Just in case the table represented by _ctx.Items is not a big one and you don't care about loading
all the table in memory and then filter it in memory, you can simply swap the order of the items in
the join statement, as in the following snippet:
LinkedList<WeightedItem> itemScores = new LinkedList<WeightedItem>();
var result = from s in itemScores
join i in _ctx.Items on s._id equals i.Id
orderby s._score descending
select new ItemSearchResult(i, s._score);
In the original statement the Queryable extension method was invoked:
IQueryable<TResult> Queryable.Join<TOuter, TInner, TKey, TResult>(
this IQueryable<TOuter> outer,
Expression<Func<TOuter, TKey>> outerKeySelector,
Expression<Func<TInner, TKey>> innerKeySelector,
Expression<Func<TOuter, TInner, TResult>> resultSelector
while in the swapped one the Enumerable extension method is invoked:
IEnumerable<TResult> Enumerable.Join<TOuter, TInner, TKey, TResult>(
this IEnumerable<TOuter> outer,
Func<TOuter, TKey> outerKeySelector,
Func<TInner, TKey> innerKeySelector,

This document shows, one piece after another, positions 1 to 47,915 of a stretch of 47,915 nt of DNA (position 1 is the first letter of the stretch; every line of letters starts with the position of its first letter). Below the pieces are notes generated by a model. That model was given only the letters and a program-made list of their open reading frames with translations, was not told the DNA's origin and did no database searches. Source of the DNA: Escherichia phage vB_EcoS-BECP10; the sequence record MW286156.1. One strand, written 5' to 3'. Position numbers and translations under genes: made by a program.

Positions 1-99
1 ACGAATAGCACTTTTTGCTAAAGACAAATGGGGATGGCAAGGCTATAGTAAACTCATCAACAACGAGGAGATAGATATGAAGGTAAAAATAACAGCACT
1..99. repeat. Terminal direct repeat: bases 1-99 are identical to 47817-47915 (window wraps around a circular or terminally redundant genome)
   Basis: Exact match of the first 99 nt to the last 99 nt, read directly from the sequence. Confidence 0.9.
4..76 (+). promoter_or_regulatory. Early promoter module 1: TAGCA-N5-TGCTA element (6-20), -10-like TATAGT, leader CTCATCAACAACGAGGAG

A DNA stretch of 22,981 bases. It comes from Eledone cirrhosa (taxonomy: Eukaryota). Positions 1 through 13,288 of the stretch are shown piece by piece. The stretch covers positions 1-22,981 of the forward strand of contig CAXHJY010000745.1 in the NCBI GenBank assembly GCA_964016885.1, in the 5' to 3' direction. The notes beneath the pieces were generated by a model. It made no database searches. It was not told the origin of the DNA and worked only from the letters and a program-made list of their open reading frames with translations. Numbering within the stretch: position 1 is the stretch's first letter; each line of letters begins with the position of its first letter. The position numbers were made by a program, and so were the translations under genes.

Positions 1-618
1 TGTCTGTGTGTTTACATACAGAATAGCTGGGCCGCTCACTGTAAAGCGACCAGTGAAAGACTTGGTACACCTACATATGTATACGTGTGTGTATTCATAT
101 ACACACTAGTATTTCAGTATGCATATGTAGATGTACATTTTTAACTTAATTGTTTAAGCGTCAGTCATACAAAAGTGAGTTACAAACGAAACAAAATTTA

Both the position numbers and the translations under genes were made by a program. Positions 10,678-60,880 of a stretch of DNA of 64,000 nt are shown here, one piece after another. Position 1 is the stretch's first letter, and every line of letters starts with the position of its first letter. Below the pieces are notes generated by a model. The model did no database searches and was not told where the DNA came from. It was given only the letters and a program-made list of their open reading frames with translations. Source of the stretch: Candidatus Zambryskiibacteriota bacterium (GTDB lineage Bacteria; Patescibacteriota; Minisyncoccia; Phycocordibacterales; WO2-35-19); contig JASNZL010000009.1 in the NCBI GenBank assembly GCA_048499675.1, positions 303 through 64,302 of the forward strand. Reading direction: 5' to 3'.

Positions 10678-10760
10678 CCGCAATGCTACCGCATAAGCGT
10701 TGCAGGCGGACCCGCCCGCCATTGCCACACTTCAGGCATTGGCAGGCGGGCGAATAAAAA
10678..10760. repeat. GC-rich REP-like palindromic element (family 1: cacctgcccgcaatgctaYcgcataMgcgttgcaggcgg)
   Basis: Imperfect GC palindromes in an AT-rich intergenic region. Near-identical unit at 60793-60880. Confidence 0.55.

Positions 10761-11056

Func<TOuter, TInner, TResult> resultSelector
so in the last statement the full _ctx.Items table is loaded in memory and then joined,
via Linq to Objects, to the itemScores list (I don't know about LinkedList, I tried it with List).
I added this answer mainly because someone could type the join in the reverse order and have it
work without even realize what is going to happen in the database.
I wouldn't suggest to join in this way, though it can be useful for backoffice applications whenever
the involved tables are made up of few records and the application doesn't suffer a relevant performance worsening.
This solution, after all, keeps the code cleaner.